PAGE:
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REVIEW – Ewoks: The Battle for Endor

June 23, 2017 1 comment
Directed by: Jim Wheat, Ken Wheat
Produced by: Thomas G. Smith, Ian Bryce
Screenplay by: Jim Wheat, Ken Wheat
Story by: George Lucas
Edited by: Eric Jenkins
Cinematography by: Isidore Mankofsky
Music by: Peter Bernstein, John Williams (themes)
Starring: Wilford Brimley, Warwick Davis, Aubree Miller, Siân Phillips, Paul Gleason, Carel Struycken, Niki Botelho, Eric Walker, Daniel Frishman, Tony Cox, Pam Grizz, Roger Johnson
Year: 1985

 

Well, they talk now… Or, at least, Wicket does. And by “talk,” I of course mean “speaks English” – or, if you will, “speaks Galactic basic” – rather than just Ewokese. Released a year after the first Ewok-starring Star Wars spinoff, Caravan of Courage, and set months after the events of that film, The Battle for Endor sees the friendship between Cindel Towani and Wicket the Ewok blossoming, to the point where Cindel’s lessons from the first film have apparently paid off. But, sadly, the Towanis have also made progress in repairing their star cruiser since being rescued from the Gorax by Cindel, her brother Mace, and the Ewoks, and so it’s almost time for them to go back home and say good-bye to their furry friends. Read more…

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REVIEW – Alien: Covenant

May 19, 2017 3 comments
Directed by: Ridley Scott
Produced by: Ridley Scott, Mark Huffam, Michael Schaefer, David Giler, Walter Hill
Screenplay by: John Logan, Dante Harper
Story by: Jack Paglen, Michael Green
Edited by: Pietro Scalia
Cinematography by: Dariusz Wolski
Music by: Jed Kurzel
Starring: Michael Fassbender, Katherine Waterston, Billy Crudup, Danny McBride, Carmen Ejogo, Demián Bichir, Amy Seimetz, Jussie Smollett, Callie Hernandez, Nathaniel Dean, Alexander England, Benjamin Rigby
Year: 2017

 

Alien: Covenant has a lot to live up to. Not only does it have to one-up a film that has largely come to be known as (inexplicably) a reviled film, Prometheus, but it must also bridge the gap between that film and one of the more widely respected sci-fi films ever made, Alien, just by taking on a more direct title, thus negating any “it’s just a side story” hand waving should it fail to live up to the standard of the first two films. Personally, I’m with everyone else in considering Alien and Aliens to be masterpieces, but I also think that the hate reserved for Alien 3 and Prometheus is largely overblown, too. (Resurrection and the AvP films can pretty much just go to hell, though.) As such, while I was certainly hoping for a masterpiece in Covenant, I also realize that this was probably never going to come to pass, and so I also had my expectations set accordingly – and had a pretty good time as a result, it turns out. Read more…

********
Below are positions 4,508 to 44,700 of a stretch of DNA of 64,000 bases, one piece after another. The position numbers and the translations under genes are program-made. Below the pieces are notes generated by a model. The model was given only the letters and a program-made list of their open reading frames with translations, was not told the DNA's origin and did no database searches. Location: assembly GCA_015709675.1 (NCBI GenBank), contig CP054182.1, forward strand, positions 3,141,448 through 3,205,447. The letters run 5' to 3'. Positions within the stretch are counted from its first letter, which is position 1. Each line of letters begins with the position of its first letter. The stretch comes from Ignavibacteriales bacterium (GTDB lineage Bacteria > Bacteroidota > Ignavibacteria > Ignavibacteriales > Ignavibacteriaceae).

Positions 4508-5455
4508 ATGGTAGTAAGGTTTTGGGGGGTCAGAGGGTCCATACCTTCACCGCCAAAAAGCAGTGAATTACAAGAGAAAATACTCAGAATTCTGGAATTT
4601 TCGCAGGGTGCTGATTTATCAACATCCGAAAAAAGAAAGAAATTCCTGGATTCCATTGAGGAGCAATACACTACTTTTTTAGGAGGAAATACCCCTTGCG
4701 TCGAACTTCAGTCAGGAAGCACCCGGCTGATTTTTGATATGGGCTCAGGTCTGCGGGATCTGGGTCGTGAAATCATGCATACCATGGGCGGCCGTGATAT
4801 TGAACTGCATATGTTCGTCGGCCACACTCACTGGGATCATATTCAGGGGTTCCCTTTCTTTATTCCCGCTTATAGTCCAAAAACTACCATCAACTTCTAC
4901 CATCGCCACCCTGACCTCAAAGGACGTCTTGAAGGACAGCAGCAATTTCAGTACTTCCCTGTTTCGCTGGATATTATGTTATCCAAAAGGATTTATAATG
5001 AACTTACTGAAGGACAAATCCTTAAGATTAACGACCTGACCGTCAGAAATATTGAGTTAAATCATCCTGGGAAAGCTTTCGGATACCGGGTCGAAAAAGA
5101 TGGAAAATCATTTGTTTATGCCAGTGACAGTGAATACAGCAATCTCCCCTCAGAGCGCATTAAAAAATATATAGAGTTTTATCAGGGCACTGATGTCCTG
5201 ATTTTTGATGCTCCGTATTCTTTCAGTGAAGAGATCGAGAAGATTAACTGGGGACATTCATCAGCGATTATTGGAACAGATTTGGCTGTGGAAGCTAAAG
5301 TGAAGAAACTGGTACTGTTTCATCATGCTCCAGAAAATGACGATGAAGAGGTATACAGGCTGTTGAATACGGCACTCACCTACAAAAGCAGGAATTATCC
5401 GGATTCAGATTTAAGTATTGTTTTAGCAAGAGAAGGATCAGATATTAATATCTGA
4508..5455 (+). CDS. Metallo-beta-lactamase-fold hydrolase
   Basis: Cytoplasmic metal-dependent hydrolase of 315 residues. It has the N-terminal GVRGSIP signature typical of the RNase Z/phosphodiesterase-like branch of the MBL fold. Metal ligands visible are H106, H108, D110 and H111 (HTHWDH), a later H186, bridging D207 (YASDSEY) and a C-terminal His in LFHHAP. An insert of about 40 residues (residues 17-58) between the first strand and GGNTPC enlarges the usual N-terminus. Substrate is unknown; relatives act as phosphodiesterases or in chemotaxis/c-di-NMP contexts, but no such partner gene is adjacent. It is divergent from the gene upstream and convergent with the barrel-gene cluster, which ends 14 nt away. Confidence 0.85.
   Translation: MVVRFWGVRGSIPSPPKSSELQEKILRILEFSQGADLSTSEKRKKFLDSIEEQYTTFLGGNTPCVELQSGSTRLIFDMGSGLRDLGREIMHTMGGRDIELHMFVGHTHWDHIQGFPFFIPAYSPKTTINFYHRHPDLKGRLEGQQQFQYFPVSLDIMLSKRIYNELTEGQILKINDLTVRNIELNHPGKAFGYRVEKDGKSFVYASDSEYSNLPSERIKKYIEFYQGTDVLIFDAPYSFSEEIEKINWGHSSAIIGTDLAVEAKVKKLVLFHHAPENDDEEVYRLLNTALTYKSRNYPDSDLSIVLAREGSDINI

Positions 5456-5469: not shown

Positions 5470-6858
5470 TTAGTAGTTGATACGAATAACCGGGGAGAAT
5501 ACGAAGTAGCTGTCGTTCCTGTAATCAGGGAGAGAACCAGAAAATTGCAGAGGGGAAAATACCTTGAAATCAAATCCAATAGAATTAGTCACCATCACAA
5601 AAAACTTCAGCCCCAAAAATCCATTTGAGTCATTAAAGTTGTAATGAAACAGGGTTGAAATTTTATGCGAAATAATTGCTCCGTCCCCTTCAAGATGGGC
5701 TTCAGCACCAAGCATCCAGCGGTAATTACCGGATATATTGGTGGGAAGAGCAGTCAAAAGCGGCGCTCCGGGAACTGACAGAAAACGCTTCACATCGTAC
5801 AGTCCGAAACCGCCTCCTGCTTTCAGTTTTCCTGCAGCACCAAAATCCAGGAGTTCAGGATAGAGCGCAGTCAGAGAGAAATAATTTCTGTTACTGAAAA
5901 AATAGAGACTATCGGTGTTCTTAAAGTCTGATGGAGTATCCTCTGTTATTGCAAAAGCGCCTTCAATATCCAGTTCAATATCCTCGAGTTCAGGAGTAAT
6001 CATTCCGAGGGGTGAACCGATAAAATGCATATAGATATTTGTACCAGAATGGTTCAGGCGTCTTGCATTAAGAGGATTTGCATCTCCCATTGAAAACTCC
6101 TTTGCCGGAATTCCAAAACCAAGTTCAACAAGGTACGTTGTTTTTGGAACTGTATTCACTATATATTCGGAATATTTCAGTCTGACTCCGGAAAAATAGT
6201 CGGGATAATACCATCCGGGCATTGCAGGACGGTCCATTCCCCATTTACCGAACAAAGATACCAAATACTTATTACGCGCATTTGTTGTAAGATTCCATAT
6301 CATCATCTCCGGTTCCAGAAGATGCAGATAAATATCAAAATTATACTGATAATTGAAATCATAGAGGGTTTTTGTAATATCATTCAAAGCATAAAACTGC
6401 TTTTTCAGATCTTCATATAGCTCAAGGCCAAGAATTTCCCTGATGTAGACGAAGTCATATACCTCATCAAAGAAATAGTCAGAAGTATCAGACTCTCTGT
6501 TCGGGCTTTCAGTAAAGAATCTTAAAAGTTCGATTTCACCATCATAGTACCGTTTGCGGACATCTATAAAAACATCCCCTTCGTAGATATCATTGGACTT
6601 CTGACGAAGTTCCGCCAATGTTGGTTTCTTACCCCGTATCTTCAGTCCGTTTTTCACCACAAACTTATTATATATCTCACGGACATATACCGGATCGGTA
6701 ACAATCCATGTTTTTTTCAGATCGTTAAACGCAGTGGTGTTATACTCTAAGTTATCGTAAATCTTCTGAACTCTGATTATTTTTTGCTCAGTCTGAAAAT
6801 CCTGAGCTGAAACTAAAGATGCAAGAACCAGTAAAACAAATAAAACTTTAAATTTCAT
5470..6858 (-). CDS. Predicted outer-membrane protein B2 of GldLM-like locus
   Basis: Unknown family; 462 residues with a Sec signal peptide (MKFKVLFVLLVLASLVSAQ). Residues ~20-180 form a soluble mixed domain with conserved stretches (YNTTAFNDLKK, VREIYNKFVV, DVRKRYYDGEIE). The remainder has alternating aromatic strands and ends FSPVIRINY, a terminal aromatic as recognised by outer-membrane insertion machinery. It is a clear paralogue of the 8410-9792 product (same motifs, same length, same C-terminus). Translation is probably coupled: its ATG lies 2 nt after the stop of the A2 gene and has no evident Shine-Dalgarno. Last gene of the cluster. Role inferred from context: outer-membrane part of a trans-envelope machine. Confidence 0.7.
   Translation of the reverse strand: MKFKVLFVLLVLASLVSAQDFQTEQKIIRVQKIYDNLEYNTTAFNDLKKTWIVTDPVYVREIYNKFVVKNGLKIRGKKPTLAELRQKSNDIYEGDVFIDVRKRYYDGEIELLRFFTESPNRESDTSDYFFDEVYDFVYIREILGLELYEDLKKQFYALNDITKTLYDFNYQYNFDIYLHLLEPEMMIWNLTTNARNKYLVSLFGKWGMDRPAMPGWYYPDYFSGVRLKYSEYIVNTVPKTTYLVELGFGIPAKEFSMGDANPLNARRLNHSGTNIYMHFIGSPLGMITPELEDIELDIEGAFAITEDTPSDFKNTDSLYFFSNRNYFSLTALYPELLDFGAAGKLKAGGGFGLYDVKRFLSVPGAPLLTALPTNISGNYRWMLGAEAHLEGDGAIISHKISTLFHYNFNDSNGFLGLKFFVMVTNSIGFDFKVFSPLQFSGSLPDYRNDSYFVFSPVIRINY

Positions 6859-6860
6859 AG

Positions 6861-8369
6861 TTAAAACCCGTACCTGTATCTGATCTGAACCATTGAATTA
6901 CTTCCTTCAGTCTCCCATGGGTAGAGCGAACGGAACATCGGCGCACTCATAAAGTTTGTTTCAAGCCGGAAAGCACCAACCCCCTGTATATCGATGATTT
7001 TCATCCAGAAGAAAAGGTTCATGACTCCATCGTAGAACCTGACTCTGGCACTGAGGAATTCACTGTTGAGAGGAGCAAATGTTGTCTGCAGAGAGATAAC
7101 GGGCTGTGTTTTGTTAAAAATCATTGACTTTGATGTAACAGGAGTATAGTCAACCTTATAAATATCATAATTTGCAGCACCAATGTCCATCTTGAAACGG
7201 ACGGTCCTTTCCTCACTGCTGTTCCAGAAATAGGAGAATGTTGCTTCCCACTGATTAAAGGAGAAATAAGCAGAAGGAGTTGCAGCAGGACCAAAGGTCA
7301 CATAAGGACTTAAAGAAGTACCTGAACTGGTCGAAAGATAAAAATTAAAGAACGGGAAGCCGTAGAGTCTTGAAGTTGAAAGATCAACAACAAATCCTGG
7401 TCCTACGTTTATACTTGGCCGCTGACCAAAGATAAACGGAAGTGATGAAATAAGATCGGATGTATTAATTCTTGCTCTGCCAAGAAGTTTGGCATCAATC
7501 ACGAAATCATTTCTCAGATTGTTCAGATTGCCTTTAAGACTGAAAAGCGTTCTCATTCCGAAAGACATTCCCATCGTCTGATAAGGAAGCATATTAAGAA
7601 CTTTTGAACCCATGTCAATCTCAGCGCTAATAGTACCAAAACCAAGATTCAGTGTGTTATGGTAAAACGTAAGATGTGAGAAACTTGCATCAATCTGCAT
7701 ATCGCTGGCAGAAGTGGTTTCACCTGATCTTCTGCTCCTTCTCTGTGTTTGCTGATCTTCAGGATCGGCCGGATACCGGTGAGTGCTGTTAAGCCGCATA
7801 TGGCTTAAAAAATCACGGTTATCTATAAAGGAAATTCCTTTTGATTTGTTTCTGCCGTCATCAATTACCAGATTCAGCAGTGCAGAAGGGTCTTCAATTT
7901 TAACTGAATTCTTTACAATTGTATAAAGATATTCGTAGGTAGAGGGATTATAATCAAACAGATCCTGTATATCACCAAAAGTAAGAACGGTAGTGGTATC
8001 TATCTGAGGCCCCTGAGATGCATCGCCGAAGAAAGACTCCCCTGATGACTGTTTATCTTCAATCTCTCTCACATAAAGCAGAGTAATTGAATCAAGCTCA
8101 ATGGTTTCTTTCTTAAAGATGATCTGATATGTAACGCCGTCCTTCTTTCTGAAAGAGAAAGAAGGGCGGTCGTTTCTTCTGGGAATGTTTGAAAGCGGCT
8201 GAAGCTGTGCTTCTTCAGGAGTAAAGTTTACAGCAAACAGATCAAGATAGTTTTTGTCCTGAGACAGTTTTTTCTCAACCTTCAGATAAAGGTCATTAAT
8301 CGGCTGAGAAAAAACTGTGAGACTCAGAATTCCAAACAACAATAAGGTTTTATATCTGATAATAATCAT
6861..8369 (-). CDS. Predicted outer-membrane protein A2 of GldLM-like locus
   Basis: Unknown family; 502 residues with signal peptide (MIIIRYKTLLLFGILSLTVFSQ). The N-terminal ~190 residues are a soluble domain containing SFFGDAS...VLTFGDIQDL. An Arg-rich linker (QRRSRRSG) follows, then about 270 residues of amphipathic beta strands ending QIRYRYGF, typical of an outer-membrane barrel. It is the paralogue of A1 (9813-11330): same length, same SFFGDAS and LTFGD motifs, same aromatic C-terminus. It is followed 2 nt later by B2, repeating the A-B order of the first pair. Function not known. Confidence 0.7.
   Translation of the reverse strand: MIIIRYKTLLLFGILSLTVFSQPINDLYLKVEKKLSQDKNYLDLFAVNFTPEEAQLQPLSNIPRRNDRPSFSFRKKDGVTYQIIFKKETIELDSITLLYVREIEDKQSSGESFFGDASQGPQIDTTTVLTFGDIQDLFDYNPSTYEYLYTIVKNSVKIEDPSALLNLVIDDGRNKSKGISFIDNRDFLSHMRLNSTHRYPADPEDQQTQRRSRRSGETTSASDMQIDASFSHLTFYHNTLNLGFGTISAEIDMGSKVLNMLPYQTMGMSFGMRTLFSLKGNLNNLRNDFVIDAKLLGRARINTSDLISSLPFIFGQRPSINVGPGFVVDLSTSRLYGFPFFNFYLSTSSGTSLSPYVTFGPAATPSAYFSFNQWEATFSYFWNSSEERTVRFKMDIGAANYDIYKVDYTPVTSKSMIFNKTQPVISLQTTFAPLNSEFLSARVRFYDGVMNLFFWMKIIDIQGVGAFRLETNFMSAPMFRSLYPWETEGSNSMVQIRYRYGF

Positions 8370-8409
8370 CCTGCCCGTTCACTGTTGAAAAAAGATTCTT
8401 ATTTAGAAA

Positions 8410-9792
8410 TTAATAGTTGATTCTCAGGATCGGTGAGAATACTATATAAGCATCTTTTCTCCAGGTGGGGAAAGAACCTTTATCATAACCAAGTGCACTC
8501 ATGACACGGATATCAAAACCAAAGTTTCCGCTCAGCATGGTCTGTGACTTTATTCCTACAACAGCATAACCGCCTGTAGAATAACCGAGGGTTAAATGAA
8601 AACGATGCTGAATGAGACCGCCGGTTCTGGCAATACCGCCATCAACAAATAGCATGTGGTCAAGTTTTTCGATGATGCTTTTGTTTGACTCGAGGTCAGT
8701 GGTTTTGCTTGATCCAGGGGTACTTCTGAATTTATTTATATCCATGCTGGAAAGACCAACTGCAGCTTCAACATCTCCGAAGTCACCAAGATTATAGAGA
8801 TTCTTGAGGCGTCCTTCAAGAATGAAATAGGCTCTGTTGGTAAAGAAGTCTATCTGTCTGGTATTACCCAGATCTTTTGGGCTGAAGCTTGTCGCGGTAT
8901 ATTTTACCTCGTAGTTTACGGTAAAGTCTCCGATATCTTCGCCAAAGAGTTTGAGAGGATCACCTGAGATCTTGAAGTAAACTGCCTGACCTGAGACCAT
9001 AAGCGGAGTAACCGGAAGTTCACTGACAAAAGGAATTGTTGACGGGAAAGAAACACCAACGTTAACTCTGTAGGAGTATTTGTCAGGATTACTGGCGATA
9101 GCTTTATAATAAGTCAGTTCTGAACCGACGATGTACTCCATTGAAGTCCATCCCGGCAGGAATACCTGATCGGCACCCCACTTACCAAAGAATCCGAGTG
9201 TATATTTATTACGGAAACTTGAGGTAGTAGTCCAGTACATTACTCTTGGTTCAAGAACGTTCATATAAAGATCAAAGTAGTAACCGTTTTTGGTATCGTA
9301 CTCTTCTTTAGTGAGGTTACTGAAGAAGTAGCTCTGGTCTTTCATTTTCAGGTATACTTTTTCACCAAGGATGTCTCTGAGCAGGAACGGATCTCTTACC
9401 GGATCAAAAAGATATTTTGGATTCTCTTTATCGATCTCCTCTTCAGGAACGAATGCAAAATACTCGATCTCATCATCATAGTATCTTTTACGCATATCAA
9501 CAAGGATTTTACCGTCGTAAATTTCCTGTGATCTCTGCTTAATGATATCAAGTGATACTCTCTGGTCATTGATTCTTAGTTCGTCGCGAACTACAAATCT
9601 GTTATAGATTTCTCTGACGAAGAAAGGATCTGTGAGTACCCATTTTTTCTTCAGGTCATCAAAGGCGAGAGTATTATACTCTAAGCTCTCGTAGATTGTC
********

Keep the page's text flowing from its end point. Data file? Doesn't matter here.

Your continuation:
REVIEW – Unfriended

October 27, 2016 1 comment
UnfriendedDirected by: Leo Gabriadze
Produced by: Timur Bekmambetov, Nelson Greaves
Written by: Nelson Greaves
Edited by: Parker Laramie, Andrew Wesman
Cinematography by: Adam Sidman
Starring: Shelley Hennig, Moses Jacob, Renee Olstead, Will Peltz, Jacob Wysocki, Courtney Halverson, Heather Sossaman
Year: 2015

 

Previews for this movie had me thinking this was going to probably be one of the worst movies of 2015. Screaming teenage characters, the gimmick of having the movie confined to a single MacBook screen for the entire film in an insane twist on the “found footage” genre, a guy forcing his hand into a blender by some unseen force that was apparently getting revenge for being “unfriended”… Just… every time I saw this movie being advertised, I couldn’t help but mentally wretch at the thought of seeing it. Audiences in the theatre even seemed to agree – there was always laughter accompanying the viewing. And then… a funny thing actually happened when it finally came out. Much like how I had hilariously low expectations for the schmaltzy, gimmicky-looking, Nicholas Sparks-esque The Fault in Our Stars, this sure-to-be-awful teen horror flick with the computer screen gimmick ended up getting some solid reviews from critics – not nearly as good as The Fault in Our Stars, mind you, but horror is an acquired taste genre, so you’ve gotta grade these things on a curve sometimes. However, just like with the other movie, I had to see what the fuss was about. Read more…

REVIEW – April and the Extraordinary World [Avril et le Monde truqué]

September 10, 2016 Leave a comment
April and the Extraordinary WorldDirected by: Christian Desmares, Franck Ekinci
Produced by: Michel Dutheil, Franck Elkinci, Marc Jousset
Screenplay by: Franck Ekinci, Benjamin Legrand
Edited by: Nazim Meslem
Music by: Valentin Hadjadj
Starring: Marion Cotillard, Philippe Katerine, Jean Rochefort, Olivier Gourmet, Marc-André Grondin, Bouli Lanners, Anne Coesens, Benoît Brière, Macha Grenon | English: Angela Galuppo, Tony Hale, Tony Robinow, Mark Camacho, Tod Fennell, Paul Giamatti, Susan Sarandon, J.K. Simmons
Inspired by the work of Jacques Tardi
Year: 2015 (France/Belgium), 2016 (U.S.)